Gaye Adegbalola & the Wild Rutz perform at the Blues Brunch

Sunday, September 18 opens with a blues brunch that features music from Gaye Adegbalola & the Wild Rutz. Gaye, a founding member of Saffire-The Uppity Blues Women, founded this vocal quartet (with occasional guitar and percussion accompaniment) that is focused on their marvelous vocals and harmonies. There debut VizzTone album "Is It Still Good to Ya?" only hints at how wonderful this group is.

After the brunch folks can head to the Main Stage for the spectacular sacred steel of The Campbell Brothers who present the opening Sunday afternoon gospel blues set. They are followed by the Andy T Nick Nixon Band bring the solid guitar playing of Andy T and the strong vocals of Nick Nixon. About this Nashville based band, and their debut recording on Delta Groove, "Drink Drank Drunk," I wrote "Andy T impresses with his fluidity, tone and taste while Nixon brings pretty of heart and soul to his nuanced vocals." I am looking forward to finally hearing this band.

Alligator artist Toronzo Cannon plays today's Chicago Blues

Chicago takes over the main stage next with Toronzo Cannon whose Alligator album, "The Chicago Way" is getting much well-deserved praise. Cannon, who is a bus driver in Chicago, brings together his life experiences and what he observes to his powerful songs. After two terrific albums on Delmark, he signed with Alligator and about "The Chicago Way" I wrote, "As a songwriter, as well as a singer-guitarist, Toronzo Cannon brings grit and passion. His playing is varied ranging from blues-rock to jazzy flavored while his singing is robust resulting in the mostly compelling performances here. "The Chicago Way" is one of most striking recent new blues releases."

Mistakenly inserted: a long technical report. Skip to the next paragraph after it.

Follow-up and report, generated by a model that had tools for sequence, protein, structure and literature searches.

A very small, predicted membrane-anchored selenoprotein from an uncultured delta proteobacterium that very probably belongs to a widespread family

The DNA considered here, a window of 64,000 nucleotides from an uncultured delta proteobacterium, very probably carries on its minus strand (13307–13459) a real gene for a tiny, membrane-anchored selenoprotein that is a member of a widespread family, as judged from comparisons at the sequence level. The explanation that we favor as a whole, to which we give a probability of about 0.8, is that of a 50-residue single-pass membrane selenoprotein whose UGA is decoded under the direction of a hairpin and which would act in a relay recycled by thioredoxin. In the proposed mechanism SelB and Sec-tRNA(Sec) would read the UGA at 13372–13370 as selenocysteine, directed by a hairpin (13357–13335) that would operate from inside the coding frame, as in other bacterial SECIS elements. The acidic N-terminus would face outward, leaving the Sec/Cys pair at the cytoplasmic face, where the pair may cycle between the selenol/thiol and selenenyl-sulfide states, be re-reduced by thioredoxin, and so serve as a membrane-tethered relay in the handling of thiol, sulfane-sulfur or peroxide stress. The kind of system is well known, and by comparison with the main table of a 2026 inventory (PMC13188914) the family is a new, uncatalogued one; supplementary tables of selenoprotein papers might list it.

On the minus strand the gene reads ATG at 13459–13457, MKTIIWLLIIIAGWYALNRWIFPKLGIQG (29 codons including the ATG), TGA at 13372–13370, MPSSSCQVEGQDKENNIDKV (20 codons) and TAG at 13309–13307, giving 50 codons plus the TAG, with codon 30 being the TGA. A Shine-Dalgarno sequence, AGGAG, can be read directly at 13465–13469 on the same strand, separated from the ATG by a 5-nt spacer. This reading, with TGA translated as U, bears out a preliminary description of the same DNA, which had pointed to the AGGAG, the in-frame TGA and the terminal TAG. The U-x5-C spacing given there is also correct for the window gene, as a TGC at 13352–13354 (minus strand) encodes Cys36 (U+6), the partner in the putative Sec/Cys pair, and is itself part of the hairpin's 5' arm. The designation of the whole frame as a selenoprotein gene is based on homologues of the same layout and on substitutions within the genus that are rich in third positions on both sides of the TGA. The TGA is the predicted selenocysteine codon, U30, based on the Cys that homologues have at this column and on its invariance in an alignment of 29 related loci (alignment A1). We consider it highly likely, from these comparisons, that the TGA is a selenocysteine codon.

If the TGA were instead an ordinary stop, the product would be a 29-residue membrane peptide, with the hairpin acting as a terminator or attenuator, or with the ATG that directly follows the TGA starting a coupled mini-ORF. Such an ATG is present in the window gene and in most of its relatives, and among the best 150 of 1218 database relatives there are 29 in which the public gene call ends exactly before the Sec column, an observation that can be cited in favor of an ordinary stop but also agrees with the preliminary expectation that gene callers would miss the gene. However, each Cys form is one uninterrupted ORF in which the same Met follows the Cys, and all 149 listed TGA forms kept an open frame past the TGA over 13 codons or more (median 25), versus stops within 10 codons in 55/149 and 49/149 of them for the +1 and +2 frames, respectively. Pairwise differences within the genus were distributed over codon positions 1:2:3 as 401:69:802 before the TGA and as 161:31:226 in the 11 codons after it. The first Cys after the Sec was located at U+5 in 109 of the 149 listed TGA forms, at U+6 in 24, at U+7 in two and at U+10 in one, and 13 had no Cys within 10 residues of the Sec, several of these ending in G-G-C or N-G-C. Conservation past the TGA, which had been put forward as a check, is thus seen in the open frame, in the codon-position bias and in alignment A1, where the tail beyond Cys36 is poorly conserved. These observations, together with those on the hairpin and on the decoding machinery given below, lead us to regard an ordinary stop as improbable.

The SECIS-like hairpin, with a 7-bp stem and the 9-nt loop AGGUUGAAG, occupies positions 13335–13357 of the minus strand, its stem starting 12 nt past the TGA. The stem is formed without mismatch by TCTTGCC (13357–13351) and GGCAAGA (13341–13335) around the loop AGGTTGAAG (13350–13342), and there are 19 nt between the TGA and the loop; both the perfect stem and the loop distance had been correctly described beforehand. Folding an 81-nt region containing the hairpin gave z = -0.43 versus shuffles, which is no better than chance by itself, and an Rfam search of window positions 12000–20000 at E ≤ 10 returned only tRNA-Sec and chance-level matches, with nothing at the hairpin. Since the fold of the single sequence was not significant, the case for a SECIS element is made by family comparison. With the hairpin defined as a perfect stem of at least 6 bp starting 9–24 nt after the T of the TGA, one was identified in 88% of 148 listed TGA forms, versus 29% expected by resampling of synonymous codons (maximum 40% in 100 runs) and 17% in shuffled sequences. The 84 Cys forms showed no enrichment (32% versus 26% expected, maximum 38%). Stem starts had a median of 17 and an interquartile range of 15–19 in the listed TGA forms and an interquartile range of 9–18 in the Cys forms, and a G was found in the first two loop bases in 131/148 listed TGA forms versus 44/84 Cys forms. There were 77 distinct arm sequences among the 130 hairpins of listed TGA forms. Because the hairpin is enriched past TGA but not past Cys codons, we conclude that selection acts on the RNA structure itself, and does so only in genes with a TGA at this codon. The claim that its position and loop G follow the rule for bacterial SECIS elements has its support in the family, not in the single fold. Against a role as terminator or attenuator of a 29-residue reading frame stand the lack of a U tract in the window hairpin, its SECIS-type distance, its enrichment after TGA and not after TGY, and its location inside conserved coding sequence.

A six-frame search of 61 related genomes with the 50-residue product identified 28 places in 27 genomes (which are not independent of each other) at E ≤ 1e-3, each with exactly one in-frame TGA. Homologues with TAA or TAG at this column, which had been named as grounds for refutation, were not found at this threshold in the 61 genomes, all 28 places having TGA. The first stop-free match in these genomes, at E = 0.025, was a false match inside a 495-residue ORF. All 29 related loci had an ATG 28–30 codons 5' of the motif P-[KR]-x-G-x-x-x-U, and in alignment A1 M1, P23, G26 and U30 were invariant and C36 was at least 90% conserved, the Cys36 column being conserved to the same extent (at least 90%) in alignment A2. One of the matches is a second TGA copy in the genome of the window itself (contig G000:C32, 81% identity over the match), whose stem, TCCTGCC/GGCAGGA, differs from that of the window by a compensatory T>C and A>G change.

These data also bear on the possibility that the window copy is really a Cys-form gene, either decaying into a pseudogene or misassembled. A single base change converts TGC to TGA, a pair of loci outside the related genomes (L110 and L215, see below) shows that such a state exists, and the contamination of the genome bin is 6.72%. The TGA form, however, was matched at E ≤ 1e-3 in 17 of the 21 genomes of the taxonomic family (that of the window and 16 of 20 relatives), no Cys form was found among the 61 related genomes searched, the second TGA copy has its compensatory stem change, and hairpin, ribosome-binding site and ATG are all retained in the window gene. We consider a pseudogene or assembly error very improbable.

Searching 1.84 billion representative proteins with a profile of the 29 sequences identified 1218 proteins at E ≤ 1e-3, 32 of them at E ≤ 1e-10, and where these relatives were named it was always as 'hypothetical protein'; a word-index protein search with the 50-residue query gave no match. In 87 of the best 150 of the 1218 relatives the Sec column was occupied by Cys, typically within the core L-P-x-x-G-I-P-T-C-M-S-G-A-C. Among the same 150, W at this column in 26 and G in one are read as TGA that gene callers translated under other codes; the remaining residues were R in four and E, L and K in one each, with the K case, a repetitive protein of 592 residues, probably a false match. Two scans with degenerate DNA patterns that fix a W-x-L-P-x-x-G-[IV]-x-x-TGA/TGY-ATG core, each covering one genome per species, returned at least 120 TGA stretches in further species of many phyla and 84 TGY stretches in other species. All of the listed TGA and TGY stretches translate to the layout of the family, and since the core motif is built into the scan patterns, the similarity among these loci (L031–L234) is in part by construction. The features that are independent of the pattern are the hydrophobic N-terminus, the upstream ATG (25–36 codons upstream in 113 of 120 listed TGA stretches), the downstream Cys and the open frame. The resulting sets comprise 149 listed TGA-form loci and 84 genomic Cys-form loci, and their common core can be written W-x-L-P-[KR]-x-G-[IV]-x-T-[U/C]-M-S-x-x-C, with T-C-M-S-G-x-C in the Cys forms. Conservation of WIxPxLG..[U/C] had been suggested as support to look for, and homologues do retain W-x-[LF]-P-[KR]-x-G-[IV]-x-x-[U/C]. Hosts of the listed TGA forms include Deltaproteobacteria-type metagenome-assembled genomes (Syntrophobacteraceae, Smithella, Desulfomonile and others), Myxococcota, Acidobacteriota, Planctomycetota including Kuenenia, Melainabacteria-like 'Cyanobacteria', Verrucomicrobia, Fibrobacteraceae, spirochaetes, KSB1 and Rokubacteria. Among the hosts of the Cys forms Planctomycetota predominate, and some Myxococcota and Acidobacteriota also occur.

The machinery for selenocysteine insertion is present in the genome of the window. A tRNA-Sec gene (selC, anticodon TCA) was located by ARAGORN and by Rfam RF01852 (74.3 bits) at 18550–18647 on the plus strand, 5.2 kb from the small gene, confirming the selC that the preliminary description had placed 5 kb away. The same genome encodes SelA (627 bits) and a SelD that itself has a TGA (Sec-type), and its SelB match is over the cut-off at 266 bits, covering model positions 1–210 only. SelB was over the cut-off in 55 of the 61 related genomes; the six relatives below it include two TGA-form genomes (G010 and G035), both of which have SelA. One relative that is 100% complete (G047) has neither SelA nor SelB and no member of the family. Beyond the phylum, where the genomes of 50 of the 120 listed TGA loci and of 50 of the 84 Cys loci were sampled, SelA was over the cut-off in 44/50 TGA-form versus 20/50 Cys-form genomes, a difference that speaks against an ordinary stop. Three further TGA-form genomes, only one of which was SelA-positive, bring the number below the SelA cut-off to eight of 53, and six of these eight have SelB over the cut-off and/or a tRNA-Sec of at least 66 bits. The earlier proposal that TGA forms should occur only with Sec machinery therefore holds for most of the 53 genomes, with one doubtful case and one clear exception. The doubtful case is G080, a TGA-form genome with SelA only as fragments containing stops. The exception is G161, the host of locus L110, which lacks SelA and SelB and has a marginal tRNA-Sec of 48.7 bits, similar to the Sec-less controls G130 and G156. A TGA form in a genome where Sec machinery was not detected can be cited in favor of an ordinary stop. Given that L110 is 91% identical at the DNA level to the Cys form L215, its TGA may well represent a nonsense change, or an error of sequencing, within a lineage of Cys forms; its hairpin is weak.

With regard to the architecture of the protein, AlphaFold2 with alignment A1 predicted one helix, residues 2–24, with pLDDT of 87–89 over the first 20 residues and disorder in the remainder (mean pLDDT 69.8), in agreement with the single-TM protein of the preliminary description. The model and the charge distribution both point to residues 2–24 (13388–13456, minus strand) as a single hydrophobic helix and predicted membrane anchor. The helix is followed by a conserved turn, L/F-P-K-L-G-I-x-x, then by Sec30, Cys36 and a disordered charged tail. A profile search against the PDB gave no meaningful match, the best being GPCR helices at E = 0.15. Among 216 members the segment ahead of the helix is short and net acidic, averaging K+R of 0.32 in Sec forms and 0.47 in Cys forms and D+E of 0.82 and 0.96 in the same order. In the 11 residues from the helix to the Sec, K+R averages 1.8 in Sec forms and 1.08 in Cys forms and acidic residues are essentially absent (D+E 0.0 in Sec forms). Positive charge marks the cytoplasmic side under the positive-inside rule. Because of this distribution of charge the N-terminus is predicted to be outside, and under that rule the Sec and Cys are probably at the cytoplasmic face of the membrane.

Following Cannon will be the Delmark Chicago Revue featuring The Mike Wheeler Band with Jimmy Burns & Peaches Staten. Wheeler is a wonderful singer-guitarist who brings in a deep dish of soul and funk to his blues. A veteran of Big James Montgomery and the Chicago Playboys, his 2013 Delmark debut "Self Made Man" was quite impressive and indicated a very distinctive talent. Appearing with Wheeler is the marvelous singer-guitarist Jimmy Burns who also mixes rhythm and blues with his Chicago (and delta) blues roots. Vocalist Staten is a tough vocalist with influences from Koko Taylor, Mavis Staples and Etta James amongst others. She had a wonderful album on the short-lived Swississippi Records label that Mike Wheeler played on.

Ronnie Earl closes Sunday's Main Festival Stage